The coronavirus pandemic has drastically impacted our daily lives in many ways. As the world moves to slow down or completely stop the spread of the virus, local governments are advising communities to self-isolate. In other areas, sheltering at home is mandated. Most non-essential businesses are closed, and the companies that are able to continue working from a distance have transitioned their teams to work remotely from home.
For most employees asked to work from home, remote work requires a huge adjustment. Many employers are struggling with the changes as well. Remote work may be a new concept to both the employee and the employer and something neither has done before.
Companies need to adapt to accommodate the new working conditions. HR and benefits coordinators may need to work with management to redirect company resources to ensure employees are happy and well supported while working from home. A happy employee is a loyal one. It’s all a learning curve as the world enters the largest work-from-home experiment in history. Use this time to establish and reach new company goals. Here are some ways employee benefits can be adapted to the new remote-work normal.
Some of the most popular employee benefits of the past don’t offer any benefit at this time. Company perks such as gym memberships, dry cleaning, paid travel, catered free lunches in the lunchroom, and company-provided child care are on pause. Businesses can take this time to redirect the funding that went towards the previous employee benefits and adapt them for remote-work related benefits that can assist their employees who are working from home.
Some benefits work-from-home employees can use right now include the following:
Take a closer look at how your company could implement these suggested remote work benefits into your current operations.
The most vital aspect of remote work is a good and reliable internet connection. If most of an employee’s work will be done online, having a high-speed internet connection is essential. Meeting and video conferences can take a lot of bandwidth, and if the home service is not up to par, video or audio quality can be poor or even lag, which will cause interruptions.
Many people have a fairly basic home internet plan. In most cases, their data is capped to a certain amount. If an employee is online for six to eight hours per day and on video calls regularly, their internet service provider may shut their internet down for the month for going over the agreed data cap. Upgrading employees’ home internet service to fiber optics and/or a plan with unlimited data ensures your remote team can continue working. Paying the difference may be nominal, but it is a good investment towards productivity.
Employees aren’t the only ones home right now. Their kids are too. Working from home with kids makes it difficult to work without distractions. The situation can even become stressful if the employee is facing stress and pressure from management or other team members to perform as if they were in the office.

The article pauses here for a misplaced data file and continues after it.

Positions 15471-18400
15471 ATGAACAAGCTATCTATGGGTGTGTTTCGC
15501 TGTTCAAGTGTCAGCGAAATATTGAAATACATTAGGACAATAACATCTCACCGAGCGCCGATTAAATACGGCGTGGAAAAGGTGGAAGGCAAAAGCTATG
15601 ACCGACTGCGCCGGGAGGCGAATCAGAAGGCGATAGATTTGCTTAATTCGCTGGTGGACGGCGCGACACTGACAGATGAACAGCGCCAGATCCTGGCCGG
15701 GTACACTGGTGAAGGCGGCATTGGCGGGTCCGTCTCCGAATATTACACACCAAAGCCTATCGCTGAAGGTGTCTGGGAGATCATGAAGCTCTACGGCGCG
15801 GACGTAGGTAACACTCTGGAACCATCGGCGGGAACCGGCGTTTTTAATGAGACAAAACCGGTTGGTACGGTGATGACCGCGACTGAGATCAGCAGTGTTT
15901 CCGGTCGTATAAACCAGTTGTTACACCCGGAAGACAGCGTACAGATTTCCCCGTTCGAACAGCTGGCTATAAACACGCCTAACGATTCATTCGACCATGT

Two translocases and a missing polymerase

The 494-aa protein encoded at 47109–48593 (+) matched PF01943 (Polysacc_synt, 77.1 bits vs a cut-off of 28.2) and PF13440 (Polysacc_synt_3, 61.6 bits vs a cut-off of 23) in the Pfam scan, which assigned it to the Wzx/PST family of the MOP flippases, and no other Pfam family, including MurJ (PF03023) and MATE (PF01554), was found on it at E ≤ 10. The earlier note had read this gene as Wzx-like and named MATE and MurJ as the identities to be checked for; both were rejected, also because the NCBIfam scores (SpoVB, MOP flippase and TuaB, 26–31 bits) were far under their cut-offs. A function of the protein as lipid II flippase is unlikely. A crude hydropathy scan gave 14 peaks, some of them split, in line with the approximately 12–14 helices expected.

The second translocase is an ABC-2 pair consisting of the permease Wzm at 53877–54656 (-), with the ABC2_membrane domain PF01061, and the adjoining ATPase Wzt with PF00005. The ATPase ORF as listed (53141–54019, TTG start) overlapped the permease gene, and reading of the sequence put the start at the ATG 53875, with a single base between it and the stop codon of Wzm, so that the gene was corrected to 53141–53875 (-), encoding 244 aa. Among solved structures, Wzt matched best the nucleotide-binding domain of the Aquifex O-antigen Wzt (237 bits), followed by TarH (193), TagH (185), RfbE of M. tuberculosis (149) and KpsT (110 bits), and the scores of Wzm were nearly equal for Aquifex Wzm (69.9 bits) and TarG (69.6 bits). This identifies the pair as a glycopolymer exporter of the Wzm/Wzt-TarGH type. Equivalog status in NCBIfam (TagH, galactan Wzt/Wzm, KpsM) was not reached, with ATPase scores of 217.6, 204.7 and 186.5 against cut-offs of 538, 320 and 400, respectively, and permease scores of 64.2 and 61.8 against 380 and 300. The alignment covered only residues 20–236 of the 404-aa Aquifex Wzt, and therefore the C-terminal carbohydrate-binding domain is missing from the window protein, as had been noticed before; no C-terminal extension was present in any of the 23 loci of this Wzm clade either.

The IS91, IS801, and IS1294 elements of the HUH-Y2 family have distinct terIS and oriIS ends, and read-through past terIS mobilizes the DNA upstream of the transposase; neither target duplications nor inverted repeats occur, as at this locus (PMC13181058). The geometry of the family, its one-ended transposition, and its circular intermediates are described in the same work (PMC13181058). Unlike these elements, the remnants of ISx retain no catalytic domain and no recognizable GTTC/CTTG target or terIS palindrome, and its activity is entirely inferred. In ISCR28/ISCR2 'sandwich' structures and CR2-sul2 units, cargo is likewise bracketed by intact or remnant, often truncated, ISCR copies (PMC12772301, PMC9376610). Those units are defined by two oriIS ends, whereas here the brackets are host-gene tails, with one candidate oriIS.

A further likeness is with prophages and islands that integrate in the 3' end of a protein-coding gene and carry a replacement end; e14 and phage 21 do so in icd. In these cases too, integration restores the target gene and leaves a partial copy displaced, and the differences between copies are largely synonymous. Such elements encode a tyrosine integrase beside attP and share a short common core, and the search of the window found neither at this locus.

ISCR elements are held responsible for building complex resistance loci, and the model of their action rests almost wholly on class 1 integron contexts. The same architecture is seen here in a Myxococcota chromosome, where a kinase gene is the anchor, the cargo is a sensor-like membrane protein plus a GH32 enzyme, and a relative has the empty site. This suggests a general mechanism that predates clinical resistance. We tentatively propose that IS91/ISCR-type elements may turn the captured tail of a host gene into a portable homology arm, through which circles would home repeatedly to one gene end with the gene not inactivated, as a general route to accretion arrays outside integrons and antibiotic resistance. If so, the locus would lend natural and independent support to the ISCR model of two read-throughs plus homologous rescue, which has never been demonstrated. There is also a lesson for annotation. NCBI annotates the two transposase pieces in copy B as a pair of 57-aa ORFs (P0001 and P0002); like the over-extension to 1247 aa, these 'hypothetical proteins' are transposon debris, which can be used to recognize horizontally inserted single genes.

Employers should consider providing more flexible work hours with longer break allowances so employees can stop and attend to their kids. It requires trust from HR and management to allow their employees to direct their own working hours without micromanaging them, but it may be the key to ensuring that the remote work experience is successful. Time tracking software may be necessary to keep your remote team on track. Six to eight hours of work may take 12 hours to complete, but the allowance may be less stressful for employees with families at home.
Promoting health and wellness in the workplace is essential for the overall productivity of the team. Your employees may need the same level of support while they work from home. They may not be able to make use of the company gym membership, but HR may be able to pause gym subscriptions at this time and use the funds to pay for home workout or meditation podcasts, apps, or streaming channels.
Employers should consider paying for apps and subscriptions for their employees. Companies such as Crunch Live, Nike Training Club, Daily Yoga, Headspace, and Asana Rebel are just a few to consider. Paying for such apps or subscriptions can allow their team to take care of their well-being from home.
Healthcare is also going through transitions at this time, as an employee may not be able to visit a doctor due to the health crisis from the COVID-19 outbreak. HR should consult with the company’s health insurance provider to explore what alternatives the provider may be offering the company. Telemedicine may be the best healthcare option for non-emergency care, like regular therapy sessions or checking in with an eye doctor. Through telemedicine, an employee can consult with a doctor or healthcare professional via a video chat as a faster and safer alternative to the doctor’s visit.
The suggestions above are just a few ways companies can work with their HR departments to provide support to their remote workers. The sky’s the limit since the concept of working from home is relatively new. You may want to deliver free pizzas to staff on Fridays or pay for their UberEats subscriptions. Whatever actions your company decides to take, it’s likely your employees will thank you for making the effort.
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